Recovering from mental illness is terrifying and exhausting, both for the person diagnosed and those who stand beside them throughout the recovery process. Sometimes, particularly when the diagnosis is new, the person suffering feels as if they will not ever become well again.
Family and friends might be unsure if recovery is possible. They question how they can help. Mental illness creates a feeling of helplessness for everyone involved. My and my family’s experience with chronic mental illness has allowed me to understand how important it is to have a support group. It can define the journey taken to recover from mental illness.
My diagnosis is rare. I was diagnosed with bipolar II disorder when I was 12. While my siblings were attending school and playing soccer on weekends, I was confined to a children’s psychiatric hospital. I remember wondering what was wrong with me. I remember my parents, wide-eyed, watching as my moods shifted by the hour, even the minute. We were all terrified. Mental illness is frightening at its core.
Unsure what to do, my parents brought me to doctors, psychiatrists, therapists and even nutritionists. The various doctors told them I had Attention Deficit Disorder; the psychiatrists told my parents they were parenting me badly. They were certain that explained my erratic behavior.
The therapist asked me to draw pictures that they thought would explain my moods. I refused to use any crayon that was not black, threw the toys that were carefully placed around the brightly lit room, and tore up the paper. I was unable to control myself. She dismissed me as being ‘overemotional’ and ‘narcissistic’ at the ripe age of 11. The nutritionist told me I was allergic to dairy products. My family, in a show of support, stopped eating anything containing dairy.
Fourteen years ago, professionals simply could not believe a child could have a serious mental illness−despite our family tree being defined by mental illness and suicide.
The years before my diagnosis were painful and affected our family dynamic immensely. My two siblings watched their older sister fall apart; they viewed their parents trying to catch me as I fell into blackness. My illness was quickly making my family ill.
It is impossible to capture my experience with mental illness in a few words, but I can tell you that without the support of my family, friends and a support team, I would not be writing these words. Twenty-six years old now, I feel I have some experience under my belt (so to speak) and would like to share different ways in which people can support a loved one struggling with mental illness.
Often, a newly diagnosed person is confused and angry. They may believe they do not need help. They might push away family and friends. As a person living with a chronic mental illness, I can tell you that isolation often results from fear. Mental illness carries stigma and it is frightening.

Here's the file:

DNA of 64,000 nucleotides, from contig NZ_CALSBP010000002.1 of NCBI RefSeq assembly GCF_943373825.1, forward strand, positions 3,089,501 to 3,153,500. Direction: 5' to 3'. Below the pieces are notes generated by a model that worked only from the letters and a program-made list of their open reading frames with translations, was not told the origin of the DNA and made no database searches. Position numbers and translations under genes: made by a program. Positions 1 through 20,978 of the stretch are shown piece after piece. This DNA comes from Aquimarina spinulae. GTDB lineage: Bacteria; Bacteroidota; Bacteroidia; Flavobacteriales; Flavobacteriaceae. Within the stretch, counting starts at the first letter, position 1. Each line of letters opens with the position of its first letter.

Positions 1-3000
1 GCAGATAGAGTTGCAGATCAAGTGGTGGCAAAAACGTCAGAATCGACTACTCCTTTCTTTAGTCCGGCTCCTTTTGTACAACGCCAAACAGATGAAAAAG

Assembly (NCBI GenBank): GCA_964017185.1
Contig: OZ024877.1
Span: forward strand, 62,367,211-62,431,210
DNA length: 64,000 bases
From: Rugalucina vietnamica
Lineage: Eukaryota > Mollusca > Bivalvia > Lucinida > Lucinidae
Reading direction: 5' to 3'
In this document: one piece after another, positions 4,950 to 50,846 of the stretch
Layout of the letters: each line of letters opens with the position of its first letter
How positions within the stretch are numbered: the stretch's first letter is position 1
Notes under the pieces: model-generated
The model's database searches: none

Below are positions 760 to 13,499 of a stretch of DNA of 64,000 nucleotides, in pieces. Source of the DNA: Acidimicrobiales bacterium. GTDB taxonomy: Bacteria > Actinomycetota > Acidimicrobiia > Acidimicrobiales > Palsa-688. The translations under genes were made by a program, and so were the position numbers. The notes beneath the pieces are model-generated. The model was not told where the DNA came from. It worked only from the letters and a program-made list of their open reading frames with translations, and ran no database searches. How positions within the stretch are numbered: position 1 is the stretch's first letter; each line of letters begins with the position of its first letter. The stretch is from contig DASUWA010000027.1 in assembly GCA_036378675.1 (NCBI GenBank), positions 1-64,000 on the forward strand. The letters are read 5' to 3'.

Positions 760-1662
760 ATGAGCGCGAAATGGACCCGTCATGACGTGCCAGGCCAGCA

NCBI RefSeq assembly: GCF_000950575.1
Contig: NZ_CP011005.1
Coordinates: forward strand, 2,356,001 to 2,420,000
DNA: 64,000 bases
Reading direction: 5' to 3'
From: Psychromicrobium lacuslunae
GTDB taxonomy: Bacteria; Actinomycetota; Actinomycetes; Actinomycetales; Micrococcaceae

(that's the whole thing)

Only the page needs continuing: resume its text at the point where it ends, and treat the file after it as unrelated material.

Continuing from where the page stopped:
For example: I fall into a severe and crippling depression each winter. Each time it occurs I am, somehow, surprised. I quickly forget that my life is usually full of color and that waking up each morning often makes me smile. When I become ill I am certain I will never be well again.
If a family member or friend is unstable, the most important thing you can do is remind them that they will become well again. Without my family and friends to help me through each winter, to assure me that my life will become mine again, once spring arrives, I would certainly struggle more.
It is important to have a plan of action. Effective communication will be crucial if the person with mental illness shows signs of a relapse. A plan of action for such an event creates a feeling of security both for the person struggling and for those who love them.
An example: My family and I sat down with my psychiatrist−once it was clear my episodes were seasonal−and made a plan, in writing, that stated the steps that would be taken if I became ill. It was a difficult thing to do at the time. Seeing my diagnosis on paper made it real. But that paper provides a feeling of security for all of us.
The plan can include medication alterations, community outreach, and simple things like charting your mood and recognizing patterns. I believe this can be one of the most useful tools when working to help someone recover from a mental illness. It certainly is not a document that is placed on my fridge—it’s hidden away somewhere—but it has been instrumental in my recovery.
The health of those who support the mentally ill person often gets ignored. When I first became ill, my entire family suffered. My parents, while working full-time and taking care of my two siblings, spent years focused on my illness and recovery. In the process, they became unwell themselves. My mother slipped into a depression and my father worked to keep our family functioning. It was not easy.
Often, when a person must spend so much time focusing on someone they love, they forget to take care of themselves. It is impossible to help someone else if you become sick yourself. Ask yourself: “Do I need to step back?” Sometimes you do. My family has learned both to support me and support each other. It is in this way that we have been able to embrace recovery together.